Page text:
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  • Writer's pictureHelen

Wild at Heart

For the last 18 or 19 years, on the August Bank Holiday weekend, we have been making our annual pilgrimage to the Greenbelt Festival – and we tend to talk about it for the rest of the year! This year, Greenbelt – like all other public gatherings – got cancelled in the Spring. Not to be defeated, the Greenbelt Team decided to try and create a festival which could be accessed at home. ‘Wild at Home’ they called it instead of ‘Wild at Heart’ which was to be the theme of the 2020 Festival.

The theme of ‘wildness’ fascinates me and I’m not sure why! My parents would not have encouraged any sort of ‘wildness’ in my brother and me. They would have associated ‘wildness’ with indiscipline, with rough and uncivilised and uncontrollable behaviour. ‘Self-control’ was high on my father’s list of Christian virtues as it was on his own parents’ list! As a grandmother myself, I have become reacquainted with the whole business of channelling the precious wildness of children. Today’s successful parents are still rightly, in my opinion, working on the same anti-wilding project – often with a great deal of serious thought about the 'taming' process. And I am grateful to see that within my own family.

With approaching old age, however, I become more enamoured of ‘wildness’. Firstly because so much of western life can be ‘tame’ – safe and packaged and predictable. Yes – we can be thankful for that even in this ‘unsafe’ time of pandemic. But there’s more to it than that which has become even clearer during the pandemic. In our human attempts to be safe, it is so easy to focus on being in control. And a life focused on control can be the very antithesis of being fully human. And it is certainly the antithesis of the true life of faith.

Contrary to so many assumptions both inside and outside faith communities, statements of faith must be about trust rather than certainty, about reliance on the goodness of God or the Supreme Other rather than trusting in our own power and goodness. And in the most practical sense, faith is about the wildness of trusting Someone Other - Someone over whom we can have absolutely no control.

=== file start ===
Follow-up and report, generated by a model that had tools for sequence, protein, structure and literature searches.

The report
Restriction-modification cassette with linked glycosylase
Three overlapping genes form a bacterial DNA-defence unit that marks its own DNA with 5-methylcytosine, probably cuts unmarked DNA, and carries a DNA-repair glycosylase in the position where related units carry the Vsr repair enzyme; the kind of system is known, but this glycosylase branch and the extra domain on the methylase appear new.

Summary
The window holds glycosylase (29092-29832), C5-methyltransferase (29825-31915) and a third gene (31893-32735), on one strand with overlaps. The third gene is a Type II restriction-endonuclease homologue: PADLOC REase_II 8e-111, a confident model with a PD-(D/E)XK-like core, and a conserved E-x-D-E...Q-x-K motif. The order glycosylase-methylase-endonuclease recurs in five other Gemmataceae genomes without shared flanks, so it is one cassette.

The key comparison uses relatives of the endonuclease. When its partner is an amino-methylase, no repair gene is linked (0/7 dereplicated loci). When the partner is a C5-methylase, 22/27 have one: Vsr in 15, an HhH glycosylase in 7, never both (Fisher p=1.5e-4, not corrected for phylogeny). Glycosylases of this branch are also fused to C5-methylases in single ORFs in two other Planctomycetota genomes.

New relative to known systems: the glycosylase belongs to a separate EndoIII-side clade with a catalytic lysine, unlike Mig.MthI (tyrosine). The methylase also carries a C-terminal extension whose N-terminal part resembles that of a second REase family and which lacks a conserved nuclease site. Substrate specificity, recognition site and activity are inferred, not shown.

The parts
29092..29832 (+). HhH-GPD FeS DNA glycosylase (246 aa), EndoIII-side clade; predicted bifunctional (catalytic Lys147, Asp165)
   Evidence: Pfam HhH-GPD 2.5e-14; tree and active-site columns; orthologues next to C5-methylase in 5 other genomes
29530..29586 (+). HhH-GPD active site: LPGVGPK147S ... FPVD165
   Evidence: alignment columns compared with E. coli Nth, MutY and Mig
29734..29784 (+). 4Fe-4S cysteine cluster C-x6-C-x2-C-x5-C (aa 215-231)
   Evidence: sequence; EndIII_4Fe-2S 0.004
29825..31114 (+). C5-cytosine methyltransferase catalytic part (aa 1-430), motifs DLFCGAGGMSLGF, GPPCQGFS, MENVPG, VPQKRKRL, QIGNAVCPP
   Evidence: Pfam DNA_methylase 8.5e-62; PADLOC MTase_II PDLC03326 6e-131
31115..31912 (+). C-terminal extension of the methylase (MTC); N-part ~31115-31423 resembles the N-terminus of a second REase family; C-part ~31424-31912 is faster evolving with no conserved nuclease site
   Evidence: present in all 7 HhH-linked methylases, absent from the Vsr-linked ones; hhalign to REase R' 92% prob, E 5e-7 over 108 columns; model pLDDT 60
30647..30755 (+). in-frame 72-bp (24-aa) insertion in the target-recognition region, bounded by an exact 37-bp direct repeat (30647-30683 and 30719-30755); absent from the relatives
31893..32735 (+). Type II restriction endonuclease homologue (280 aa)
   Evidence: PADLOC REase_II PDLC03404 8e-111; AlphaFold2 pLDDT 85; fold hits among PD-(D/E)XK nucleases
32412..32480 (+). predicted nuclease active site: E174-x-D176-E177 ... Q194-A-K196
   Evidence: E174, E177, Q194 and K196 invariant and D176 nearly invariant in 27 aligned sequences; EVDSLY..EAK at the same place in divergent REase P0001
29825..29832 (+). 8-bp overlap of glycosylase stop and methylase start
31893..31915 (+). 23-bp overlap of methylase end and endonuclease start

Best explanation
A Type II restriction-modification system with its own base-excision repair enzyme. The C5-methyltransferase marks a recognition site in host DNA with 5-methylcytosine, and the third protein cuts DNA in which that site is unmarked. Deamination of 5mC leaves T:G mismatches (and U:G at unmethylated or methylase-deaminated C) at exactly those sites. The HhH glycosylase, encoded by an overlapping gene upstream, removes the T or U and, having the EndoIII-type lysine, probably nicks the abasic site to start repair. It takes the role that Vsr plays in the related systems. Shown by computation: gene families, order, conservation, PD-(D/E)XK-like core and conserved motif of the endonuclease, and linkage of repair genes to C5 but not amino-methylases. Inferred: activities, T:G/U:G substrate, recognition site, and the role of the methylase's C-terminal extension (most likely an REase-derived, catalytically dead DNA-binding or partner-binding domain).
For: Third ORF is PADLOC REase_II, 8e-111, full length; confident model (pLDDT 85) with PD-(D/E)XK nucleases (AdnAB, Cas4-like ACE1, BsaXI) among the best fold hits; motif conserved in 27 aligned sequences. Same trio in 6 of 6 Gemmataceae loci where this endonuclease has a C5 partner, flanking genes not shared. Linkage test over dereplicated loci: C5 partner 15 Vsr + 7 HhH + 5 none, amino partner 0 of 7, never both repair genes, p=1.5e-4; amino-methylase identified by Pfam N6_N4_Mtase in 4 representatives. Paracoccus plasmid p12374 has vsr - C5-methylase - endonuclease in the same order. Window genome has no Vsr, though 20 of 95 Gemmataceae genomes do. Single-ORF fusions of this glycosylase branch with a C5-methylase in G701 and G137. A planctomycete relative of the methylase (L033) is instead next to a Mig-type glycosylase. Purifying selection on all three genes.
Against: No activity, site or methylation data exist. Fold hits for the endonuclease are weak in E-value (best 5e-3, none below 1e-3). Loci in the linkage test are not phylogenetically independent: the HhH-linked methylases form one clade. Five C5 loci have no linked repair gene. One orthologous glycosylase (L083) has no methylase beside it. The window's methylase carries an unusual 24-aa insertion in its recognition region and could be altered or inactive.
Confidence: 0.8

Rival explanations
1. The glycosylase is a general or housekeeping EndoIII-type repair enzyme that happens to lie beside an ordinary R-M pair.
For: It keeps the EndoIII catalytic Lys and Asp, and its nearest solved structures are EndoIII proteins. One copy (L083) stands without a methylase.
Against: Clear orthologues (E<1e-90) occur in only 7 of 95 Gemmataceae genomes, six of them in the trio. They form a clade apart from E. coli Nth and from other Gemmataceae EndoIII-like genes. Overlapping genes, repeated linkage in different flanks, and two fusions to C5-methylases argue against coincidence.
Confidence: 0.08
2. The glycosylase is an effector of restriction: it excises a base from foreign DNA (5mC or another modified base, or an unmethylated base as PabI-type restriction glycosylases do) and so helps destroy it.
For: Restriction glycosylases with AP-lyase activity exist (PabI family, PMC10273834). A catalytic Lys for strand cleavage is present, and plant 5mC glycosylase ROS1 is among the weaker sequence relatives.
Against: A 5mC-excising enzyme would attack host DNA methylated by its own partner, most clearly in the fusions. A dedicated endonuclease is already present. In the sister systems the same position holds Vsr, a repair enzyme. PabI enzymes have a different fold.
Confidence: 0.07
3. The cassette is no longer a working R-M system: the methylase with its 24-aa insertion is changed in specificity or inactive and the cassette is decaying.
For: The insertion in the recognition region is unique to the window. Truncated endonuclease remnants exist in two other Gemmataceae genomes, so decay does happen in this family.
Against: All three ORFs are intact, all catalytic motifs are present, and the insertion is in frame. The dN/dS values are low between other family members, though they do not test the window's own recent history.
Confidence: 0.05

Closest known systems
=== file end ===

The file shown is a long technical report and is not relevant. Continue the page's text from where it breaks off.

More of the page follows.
It is this wild, deep, wide, God - the God big enough to include all of us – winners and losers, insiders and outsiders, who, as the hymn writer Stuart Townend has it, ‘welcomes ... with the wonders of love and the power of grace’ that the Greenbelt Festival celebrates.

And this year, everyone, wherever they are, can have an online taste of Greenbelt throughout September. A £7 ticket* will buy access to a variety of the weekend’s programming in the Canopy and Talks in the Pagoda. All I have listened to so far is the conversation in the Pagoda between the theologian Brian McLaren, a couple of politicians, a social commentator and an economist. It was called 20:20 VISION: What might a Post-Pandemic World look like? For anyone interested in a taste of Greenbelt, I recommend it as a good place to start! Greenbelt has for me always been a bit of a 'rewilding' process. Holding on to the good things in my upbringing, discarding the unnecessarily restrictive, and searching for new understandings which will enlarge my capacity to live well in my fragile world - it's an annual gift! * You can buy a £7 ticket here

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